Respect In Security: Cybersecurity’s anti-harassment movement

A consortium of cybersecurity specialists launched on Tuesday an initiative to encourage companies to implement preventive security measures to end abusive online behavior experienced by workers.

Respect In Security, launched by Lisa Forte from Red Goat Cyber Security and Trend Micro’s Rik Ferguson on July 14 on Twitter, is a long overdue plan that focuses on exposing online harassment in the cybersecurity industry while raising awareness towards the true scale bullying has within the sector.  

The plan was established to highlight the behavior’s effect on employees, and to give current and potential victims the knowledge that such industries do not encourage nor support harassment in any form. 

Noticeably some of the plan’s main principles directly address various aspects of cyber-harassment.

It stands against abusive behavior by protecting the identity of any employee reporting any form of harassment, making the reporting path public and discussing it with employees, and to not ignore any form of harassment.

As for the remainder of the movement’s principles, the initiative’s Twitter account revealed that all seven principles will later be unveiled on their website.

The initiative was announced after Lisa Forte – one of the main leading voices against cybersecurity issues – said that she received unsolicited explicit content from official accounts on LinkedIn and aggressive threats on social networking platforms Instagram and Twitter. 

It is worth mentioning that despite the plan’s objective to target any kind of harassment, it does not address any abuse sent by any account created anonymously. 

The movement enjoyed major support on Twitter, as it will most likely guide employees towards structural changes in the form of collective actions, which will eventually push and inspire individuals to step up and take actions against harassment.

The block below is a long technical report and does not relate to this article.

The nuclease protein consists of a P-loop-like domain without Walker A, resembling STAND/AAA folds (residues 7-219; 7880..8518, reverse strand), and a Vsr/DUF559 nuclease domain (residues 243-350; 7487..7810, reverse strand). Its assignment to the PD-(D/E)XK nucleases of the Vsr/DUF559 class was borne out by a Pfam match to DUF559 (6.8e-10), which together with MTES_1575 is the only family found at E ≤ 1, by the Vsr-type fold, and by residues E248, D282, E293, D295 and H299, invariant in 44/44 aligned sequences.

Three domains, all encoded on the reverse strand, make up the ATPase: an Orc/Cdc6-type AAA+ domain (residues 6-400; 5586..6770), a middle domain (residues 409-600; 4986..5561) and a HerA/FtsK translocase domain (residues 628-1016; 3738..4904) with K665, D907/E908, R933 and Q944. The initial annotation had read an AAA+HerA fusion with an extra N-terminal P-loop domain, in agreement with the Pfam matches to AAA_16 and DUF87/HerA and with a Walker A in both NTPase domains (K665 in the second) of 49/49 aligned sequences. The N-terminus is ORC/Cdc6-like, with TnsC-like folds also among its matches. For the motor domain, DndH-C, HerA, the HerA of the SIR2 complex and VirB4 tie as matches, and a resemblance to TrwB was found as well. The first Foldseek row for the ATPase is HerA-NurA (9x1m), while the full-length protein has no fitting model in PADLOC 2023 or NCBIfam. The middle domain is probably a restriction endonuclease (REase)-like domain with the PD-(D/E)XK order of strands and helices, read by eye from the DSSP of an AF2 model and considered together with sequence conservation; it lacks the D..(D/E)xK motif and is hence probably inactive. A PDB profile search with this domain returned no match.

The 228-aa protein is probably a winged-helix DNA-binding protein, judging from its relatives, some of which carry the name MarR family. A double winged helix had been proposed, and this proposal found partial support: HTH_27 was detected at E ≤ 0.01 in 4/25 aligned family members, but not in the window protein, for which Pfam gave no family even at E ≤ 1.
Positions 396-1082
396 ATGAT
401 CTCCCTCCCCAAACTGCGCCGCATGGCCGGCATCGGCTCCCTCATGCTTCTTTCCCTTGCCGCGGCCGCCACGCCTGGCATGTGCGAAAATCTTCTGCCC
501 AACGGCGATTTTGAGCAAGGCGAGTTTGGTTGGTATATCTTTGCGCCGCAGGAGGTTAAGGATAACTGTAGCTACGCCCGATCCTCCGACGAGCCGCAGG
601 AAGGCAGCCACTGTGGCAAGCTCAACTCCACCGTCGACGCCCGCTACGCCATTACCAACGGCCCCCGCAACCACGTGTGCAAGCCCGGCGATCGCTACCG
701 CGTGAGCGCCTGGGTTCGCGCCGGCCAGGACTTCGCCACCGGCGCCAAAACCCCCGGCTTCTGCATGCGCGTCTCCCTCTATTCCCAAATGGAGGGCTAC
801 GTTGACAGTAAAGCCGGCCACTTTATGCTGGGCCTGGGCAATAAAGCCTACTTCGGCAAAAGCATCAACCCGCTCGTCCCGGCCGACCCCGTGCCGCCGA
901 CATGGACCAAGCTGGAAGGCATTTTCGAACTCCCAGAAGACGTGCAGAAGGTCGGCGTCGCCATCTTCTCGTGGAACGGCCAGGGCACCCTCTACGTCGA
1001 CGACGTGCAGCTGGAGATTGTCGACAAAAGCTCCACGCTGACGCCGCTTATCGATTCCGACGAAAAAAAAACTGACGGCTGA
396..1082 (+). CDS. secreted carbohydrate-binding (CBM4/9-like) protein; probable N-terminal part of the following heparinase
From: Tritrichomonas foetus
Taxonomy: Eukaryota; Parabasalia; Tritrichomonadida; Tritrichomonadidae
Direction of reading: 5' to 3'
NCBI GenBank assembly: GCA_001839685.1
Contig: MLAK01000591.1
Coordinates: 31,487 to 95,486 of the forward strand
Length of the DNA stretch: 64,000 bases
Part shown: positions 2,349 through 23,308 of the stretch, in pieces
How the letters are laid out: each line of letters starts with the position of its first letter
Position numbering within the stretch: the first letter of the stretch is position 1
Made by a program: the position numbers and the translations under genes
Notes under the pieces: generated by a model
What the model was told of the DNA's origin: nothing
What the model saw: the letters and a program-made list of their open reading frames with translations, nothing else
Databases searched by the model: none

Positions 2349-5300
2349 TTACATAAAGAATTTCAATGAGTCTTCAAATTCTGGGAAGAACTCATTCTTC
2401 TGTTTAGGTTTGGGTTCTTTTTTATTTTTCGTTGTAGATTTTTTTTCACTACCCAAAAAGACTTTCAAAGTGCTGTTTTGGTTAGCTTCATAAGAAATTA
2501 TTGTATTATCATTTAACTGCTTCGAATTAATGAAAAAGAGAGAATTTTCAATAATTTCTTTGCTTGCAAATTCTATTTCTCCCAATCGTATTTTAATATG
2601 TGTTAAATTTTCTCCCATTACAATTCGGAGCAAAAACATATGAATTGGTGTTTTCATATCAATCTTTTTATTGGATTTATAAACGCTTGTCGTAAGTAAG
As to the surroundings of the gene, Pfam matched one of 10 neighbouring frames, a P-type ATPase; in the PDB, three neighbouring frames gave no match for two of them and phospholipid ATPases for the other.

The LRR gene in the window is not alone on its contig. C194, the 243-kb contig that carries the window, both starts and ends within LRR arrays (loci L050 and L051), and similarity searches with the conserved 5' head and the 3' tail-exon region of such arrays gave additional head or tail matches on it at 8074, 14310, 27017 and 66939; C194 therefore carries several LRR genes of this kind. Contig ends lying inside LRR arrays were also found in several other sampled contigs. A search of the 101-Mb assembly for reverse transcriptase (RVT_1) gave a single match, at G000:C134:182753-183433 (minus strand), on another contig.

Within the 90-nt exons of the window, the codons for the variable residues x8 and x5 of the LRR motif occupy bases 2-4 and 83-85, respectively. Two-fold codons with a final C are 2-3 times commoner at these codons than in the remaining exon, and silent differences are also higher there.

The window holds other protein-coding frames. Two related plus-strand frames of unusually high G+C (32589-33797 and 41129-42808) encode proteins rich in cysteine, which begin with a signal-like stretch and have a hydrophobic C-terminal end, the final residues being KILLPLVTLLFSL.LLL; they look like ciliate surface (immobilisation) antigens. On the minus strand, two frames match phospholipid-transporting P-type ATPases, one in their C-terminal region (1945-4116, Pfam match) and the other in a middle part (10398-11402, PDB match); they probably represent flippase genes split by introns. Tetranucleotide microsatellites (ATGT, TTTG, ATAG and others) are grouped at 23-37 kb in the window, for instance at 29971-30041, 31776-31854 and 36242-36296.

The battle between social media giants and cyber-harassers slightly paved the way to a safer online environment, which set the first stone leading to the foundation of Respect in Security.

Earlier in July, social media titans took to action to try and minimize damage caused by cyber-attacks such as the latest harassment targeting women on their platforms, followed by several cyber-attacks on immigrants and other minorities.

To deal with users’ harassment exposure, these platforms adopted a mixture of automated detection tools and human moderators to expose and deal with harassment. Automated detection tools alert the moderator to review and report any cyber bullying behavior.

For example, Sri Lanka witnessed cyber-harassment inspired by rumors spread online, explicitly targeting Muslim minority.

During the period, authorities blocked access to Facebook and WhatsApp, as well as the messaging app Viper, saying that Facebook did not sufficiently respond during the emergency.

However, some might consider the system flawed, since most of the implemented frameworks lack an automated intelligent system that alerts human moderators. In most cases these tools cannot automatically detect the abusive content faster than the traditional reporting system.

“For many people, this is no man’s land,” Ms. Forte said.

“You can get the impression that these platforms don’t do anything, the police don’t do much, lawyers are expensive, and the lawsuit can be negative. The best solution we have, if the culprit is identifiable, is to approach their employer,” she added.

So far, several companies have already signed up to try and manage such behavior between its employees, while maintaining their focus on employees’ internal behavior.